PR News Hotlist: Top 10 PR Blunders of 2012, Part 1



Another day, another PR gaffe—that's what the narrative has seemed like for the first seven months of 2012. That's not to say there hasn't been exemplary PR work, and that there won't be best-of-industry awards handed out this year, but more than ever, the Internet echo chamber is always ready to pounce on the next PR blunder—and fast. 

Some organizations have already recovered from their blunders, while for others their recovery may take years. Here are 10 high-profile PR blunders scenarios we've seen so far this year, in chronological order: 

  1. Costa Cruises Fixates on a Fall Guy: Costa Cruises laid the blame for the sinking of its luxury liner Costa Concordia on its captain and changed its story as it went. The company accused the captain of deviating from a fixed course to "show off" the boat. The captain said the cruise line pressured him to do so for publicity purposes. The finger-pointing did not play well across the media.

  2. McDonald's Promoted Tweets Don't 'Go As Planned':  McDonald's took a social media beating over the launch of two Twitter hashtags broadcast with the help of promoted tweets in late January. The hashtags, #McDStories and #MeettheFarmers, were intended to solicit positive tweets from McDonald's customers, and had the opposite effect. Rick Wion, social media director for McDonald's, told paidContent.org that he expected "fans and detractors to chime in." Still, he admitted that the #McDStories hashtag "wasn't going as planned."

  3. Vassar Breaks Hearts and Heads Home for the Weekend: Poughkeepsie, New York-based liberal arts school Vassar College gave false cheer to 76 early-decision applicants on Friday, Jan. 27, when it erroneously informed them they were accepted to the school—only to tell them later they had been rejected. The school then took a "get back to us on Monday, we're closed now" approach by telling students to contact the admissions office the following Monday, instead of opening up a two-way communications channel immediately.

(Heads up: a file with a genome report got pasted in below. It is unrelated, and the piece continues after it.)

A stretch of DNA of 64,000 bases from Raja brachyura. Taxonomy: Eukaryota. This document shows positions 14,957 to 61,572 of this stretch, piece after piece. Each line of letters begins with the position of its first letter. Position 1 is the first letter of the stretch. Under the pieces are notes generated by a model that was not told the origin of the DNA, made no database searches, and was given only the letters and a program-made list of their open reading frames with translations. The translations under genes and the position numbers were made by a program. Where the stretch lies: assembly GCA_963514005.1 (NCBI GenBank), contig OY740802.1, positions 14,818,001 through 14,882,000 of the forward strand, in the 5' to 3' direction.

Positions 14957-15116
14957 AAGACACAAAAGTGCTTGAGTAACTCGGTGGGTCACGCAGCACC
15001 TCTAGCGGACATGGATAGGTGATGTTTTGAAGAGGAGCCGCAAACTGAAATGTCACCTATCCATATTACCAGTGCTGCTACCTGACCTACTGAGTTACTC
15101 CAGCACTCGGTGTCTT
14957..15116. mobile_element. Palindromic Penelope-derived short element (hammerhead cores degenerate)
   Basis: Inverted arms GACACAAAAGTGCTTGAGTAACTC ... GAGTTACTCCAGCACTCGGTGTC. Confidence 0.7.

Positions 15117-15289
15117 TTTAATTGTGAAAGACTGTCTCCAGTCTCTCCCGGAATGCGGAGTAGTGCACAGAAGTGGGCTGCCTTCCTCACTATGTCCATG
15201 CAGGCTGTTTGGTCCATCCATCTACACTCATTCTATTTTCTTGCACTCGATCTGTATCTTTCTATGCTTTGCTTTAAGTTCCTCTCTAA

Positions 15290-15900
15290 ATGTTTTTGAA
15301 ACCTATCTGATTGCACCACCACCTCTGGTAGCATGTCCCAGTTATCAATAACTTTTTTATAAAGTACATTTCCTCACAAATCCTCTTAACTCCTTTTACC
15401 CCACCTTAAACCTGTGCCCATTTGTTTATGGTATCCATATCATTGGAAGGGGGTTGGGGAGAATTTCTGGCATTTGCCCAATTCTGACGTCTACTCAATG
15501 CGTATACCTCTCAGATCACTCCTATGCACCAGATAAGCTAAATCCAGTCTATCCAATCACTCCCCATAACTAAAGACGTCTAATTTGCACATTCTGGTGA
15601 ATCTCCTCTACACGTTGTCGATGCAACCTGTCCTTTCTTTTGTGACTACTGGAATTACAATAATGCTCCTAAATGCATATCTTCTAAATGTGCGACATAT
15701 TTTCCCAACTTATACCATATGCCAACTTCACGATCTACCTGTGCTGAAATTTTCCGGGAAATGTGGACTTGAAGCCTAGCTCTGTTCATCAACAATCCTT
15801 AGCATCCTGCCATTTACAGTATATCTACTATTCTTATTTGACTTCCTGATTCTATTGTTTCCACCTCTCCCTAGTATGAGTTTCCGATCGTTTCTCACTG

4. Susan G. Komen for the Cure Drops Planned Parenthood: In the last week of January 2012, Komen halted its financing of breast cancer screening and education programs run by Planned Parenthood affiliates. For nearly 72 hours, however, there was no news out of Komen. Posts to their blogs, forums and Facebook pages went unanswered, there were no updates and their Twitter account was silent, except for an unfortunate retweet by Karen Handel, the controversial VP of public affairs who was being blamed for the decision. Finally, after two days of rage, the CEO of Komen posted a stilted and formal video to its Web site explaining the decision. Less than a week later, Handel resigned and took to cable news to give her side of the story, prolonging Komen’s embarrassment.